By all accounts, it did not work out as planned for any of the men. Cohen is under investigation; the Trump administration hit Vekselberg with sanctions last month, making him one of seven Kremlin-linked oligarchs to be punished as part of a response to meddling and other aggressions; and Columbus Nova parted ways with Cohen after no new deals or investors materialized, despite paying him $580,000 of the $1 million contract.

Cohen and Intrater initially met shortly before the 2016 election and discussed ways to invest in the taxi business, which had made the fixer millions of dollars over the years.

In the interview, Intrater described the lead-up to the Trump Tower meeting as a series of coincidences around that potential deal: Cohen and he intended to meet on the morning of Jan. 9, 2017, to discuss investing in distressed taxi loans. But Cohen had to reschedule for the afternoon, when Intrater had planned to meet Vekselberg, who was visiting New York and then came along to the meeting.

“I remember walking in and seeing lots of boxes because Michael was packing up his office and looking forward to hanging out his own shingle,” Intrater said. “We were in his office for about 15 minutes. We talked about how much we hoped U.S.-Russian relations would get better through business projects and cultural exchange.”

It is unclear whether anyone else at Trump’s company or on his transition team was aware of the meeting. Trump was in the building that day, and his office was just doors down from Cohen’s, though Intrater said they did not see the president-elect.

The next week, the three men sat together at one of the inaugural dinner events. While there, Intrater took a photo with Michael Flynn, Trump’s first national security adviser, Intrater said.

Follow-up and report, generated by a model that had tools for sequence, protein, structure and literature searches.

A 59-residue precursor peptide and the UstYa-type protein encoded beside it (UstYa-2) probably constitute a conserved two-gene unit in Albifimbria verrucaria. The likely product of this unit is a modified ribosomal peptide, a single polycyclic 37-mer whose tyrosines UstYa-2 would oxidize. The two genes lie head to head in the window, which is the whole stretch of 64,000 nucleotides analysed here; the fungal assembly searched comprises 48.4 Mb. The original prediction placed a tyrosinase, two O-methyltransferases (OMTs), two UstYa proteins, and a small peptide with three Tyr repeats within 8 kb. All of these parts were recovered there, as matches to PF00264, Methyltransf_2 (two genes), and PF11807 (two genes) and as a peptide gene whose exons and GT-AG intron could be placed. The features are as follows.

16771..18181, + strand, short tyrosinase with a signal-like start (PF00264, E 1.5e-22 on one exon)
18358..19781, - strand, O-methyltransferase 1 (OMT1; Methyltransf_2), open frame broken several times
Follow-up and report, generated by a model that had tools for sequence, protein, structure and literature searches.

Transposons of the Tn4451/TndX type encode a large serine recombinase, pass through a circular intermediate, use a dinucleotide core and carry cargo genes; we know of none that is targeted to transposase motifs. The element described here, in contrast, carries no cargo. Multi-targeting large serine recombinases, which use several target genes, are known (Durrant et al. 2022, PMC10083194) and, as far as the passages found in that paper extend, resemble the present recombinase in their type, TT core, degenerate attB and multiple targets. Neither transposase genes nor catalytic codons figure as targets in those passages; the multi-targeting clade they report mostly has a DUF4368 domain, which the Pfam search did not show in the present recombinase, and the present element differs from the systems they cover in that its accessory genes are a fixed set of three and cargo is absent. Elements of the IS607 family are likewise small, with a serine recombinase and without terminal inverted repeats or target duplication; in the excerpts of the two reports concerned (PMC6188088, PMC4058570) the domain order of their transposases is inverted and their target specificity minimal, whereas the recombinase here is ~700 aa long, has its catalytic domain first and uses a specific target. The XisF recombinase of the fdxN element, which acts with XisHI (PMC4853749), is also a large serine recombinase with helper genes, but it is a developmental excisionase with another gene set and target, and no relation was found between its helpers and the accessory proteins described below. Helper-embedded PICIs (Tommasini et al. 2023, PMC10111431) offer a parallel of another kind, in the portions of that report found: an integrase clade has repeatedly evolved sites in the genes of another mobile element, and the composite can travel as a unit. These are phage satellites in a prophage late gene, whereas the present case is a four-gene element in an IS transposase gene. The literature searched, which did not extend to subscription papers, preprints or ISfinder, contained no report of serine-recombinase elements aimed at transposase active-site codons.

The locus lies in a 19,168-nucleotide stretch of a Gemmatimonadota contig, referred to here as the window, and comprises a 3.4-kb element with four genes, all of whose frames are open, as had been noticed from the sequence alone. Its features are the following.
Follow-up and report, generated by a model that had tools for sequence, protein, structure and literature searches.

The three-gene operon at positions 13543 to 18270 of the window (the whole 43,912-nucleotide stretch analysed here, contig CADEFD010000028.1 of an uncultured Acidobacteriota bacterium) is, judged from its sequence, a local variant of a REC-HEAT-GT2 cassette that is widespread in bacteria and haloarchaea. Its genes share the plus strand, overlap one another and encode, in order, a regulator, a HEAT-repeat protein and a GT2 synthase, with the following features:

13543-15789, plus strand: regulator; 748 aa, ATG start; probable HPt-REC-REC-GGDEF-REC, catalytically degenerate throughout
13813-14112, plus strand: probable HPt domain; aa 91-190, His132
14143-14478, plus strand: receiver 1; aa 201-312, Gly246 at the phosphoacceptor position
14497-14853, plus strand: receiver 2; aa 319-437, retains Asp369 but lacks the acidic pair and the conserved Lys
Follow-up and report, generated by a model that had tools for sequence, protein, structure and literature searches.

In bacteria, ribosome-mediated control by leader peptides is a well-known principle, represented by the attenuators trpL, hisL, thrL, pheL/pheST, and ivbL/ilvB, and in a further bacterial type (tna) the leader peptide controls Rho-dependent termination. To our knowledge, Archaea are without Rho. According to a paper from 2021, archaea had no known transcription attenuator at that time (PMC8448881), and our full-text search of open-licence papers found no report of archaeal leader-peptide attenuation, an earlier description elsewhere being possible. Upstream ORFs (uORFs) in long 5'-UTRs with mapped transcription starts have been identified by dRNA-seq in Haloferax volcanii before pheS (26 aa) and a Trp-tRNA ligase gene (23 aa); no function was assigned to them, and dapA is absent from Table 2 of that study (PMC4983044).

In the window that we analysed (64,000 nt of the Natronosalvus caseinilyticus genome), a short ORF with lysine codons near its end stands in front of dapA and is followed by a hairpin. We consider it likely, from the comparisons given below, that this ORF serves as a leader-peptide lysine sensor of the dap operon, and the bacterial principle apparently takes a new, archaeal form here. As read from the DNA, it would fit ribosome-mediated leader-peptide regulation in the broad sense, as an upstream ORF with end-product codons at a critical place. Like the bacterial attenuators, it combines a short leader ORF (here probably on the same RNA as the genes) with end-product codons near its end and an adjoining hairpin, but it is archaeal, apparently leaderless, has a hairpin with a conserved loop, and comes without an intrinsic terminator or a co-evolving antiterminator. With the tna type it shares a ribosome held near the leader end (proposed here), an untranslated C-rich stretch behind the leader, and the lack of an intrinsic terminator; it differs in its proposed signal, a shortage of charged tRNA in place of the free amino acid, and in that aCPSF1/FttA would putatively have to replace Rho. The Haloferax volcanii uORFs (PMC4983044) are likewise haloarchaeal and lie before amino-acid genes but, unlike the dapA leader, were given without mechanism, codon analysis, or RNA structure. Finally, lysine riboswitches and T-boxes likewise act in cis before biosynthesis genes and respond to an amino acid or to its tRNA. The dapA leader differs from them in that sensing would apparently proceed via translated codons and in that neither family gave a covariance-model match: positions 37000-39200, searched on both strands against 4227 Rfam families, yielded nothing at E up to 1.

Intrater donated $250,000 to Trump’s inaugural committee, which entitled him to the tickets he and Vekselberg used to attend the event. Days later, Cohen signed on as a consultant to Columbus Nova, and documents show that in addition to the taxi loans, he pitched the firm on an oil and gas operation in the American Southwest.

Vekselberg, whose conglomerate includes investments in energy, attended a meeting in March last year that Cohen arranged to discuss the oil and gas deal, Intrater said. Nothing came of the discussions. In contrast, Vekselberg’s discussion with Cohen at Trump Tower about Russian relations partly reflected his role as an informal diplomat of sorts, a billionaire businessman who shuttles between Russia and the United States to promote economic and philanthropic ventures.

He founded his company, Renova Group, in 1990 as a Russia-U.S. joint venture, according to an archived version of the company’s website.

Vekselberg, whose fortune is now estimated at more than $13 billion, also sponsored the American-Russian Chamber of Commerce & Industry. At one point, Renova donated between $50,000 and $100,000 to the Clinton Foundation. And he lavished funds on a California park that is designated a historic preservation site, working informally in tandem with the Russian Ministry of Foreign Affairs. The park includes a fort that the Russians built in 1812 for trade.

“He always has been a key Russian conduit for investing in U.S. political causes, business causes, other things that would allow him to gain entree to the U.S. elite,” said Michael Carpenter, the Russia director at the National Security Council during the Obama administration, who is now senior director of the Penn Biden Center for Diplomacy and Global Engagement.

As Vekselberg’s business empire expanded, he picked up various Kremlin projects, including a plan to create a Silicon Valley-style development outside Moscow and the construction of a hotel cluster for the 2014 Winter Olympics. In return, the Kremlin awarded him a Medal of Honor.

He also attended a now-famous December 2015 dinner in Moscow where Flynn sat at a table with Russia’s president, Vladimir Putin.

The day before Trump was sworn in, Vekselberg expressed doubt on Russian television that the United States would quickly lift its economic sanctions against Russia. It was worse than he feared: Last month, he and Renova were placed on the Treasury Department’s sanctions list. Although Columbus Nova is not subject to the sanctions and continues to operate, Intrater said he had not spoken to his cousin since the sanctions were imposed.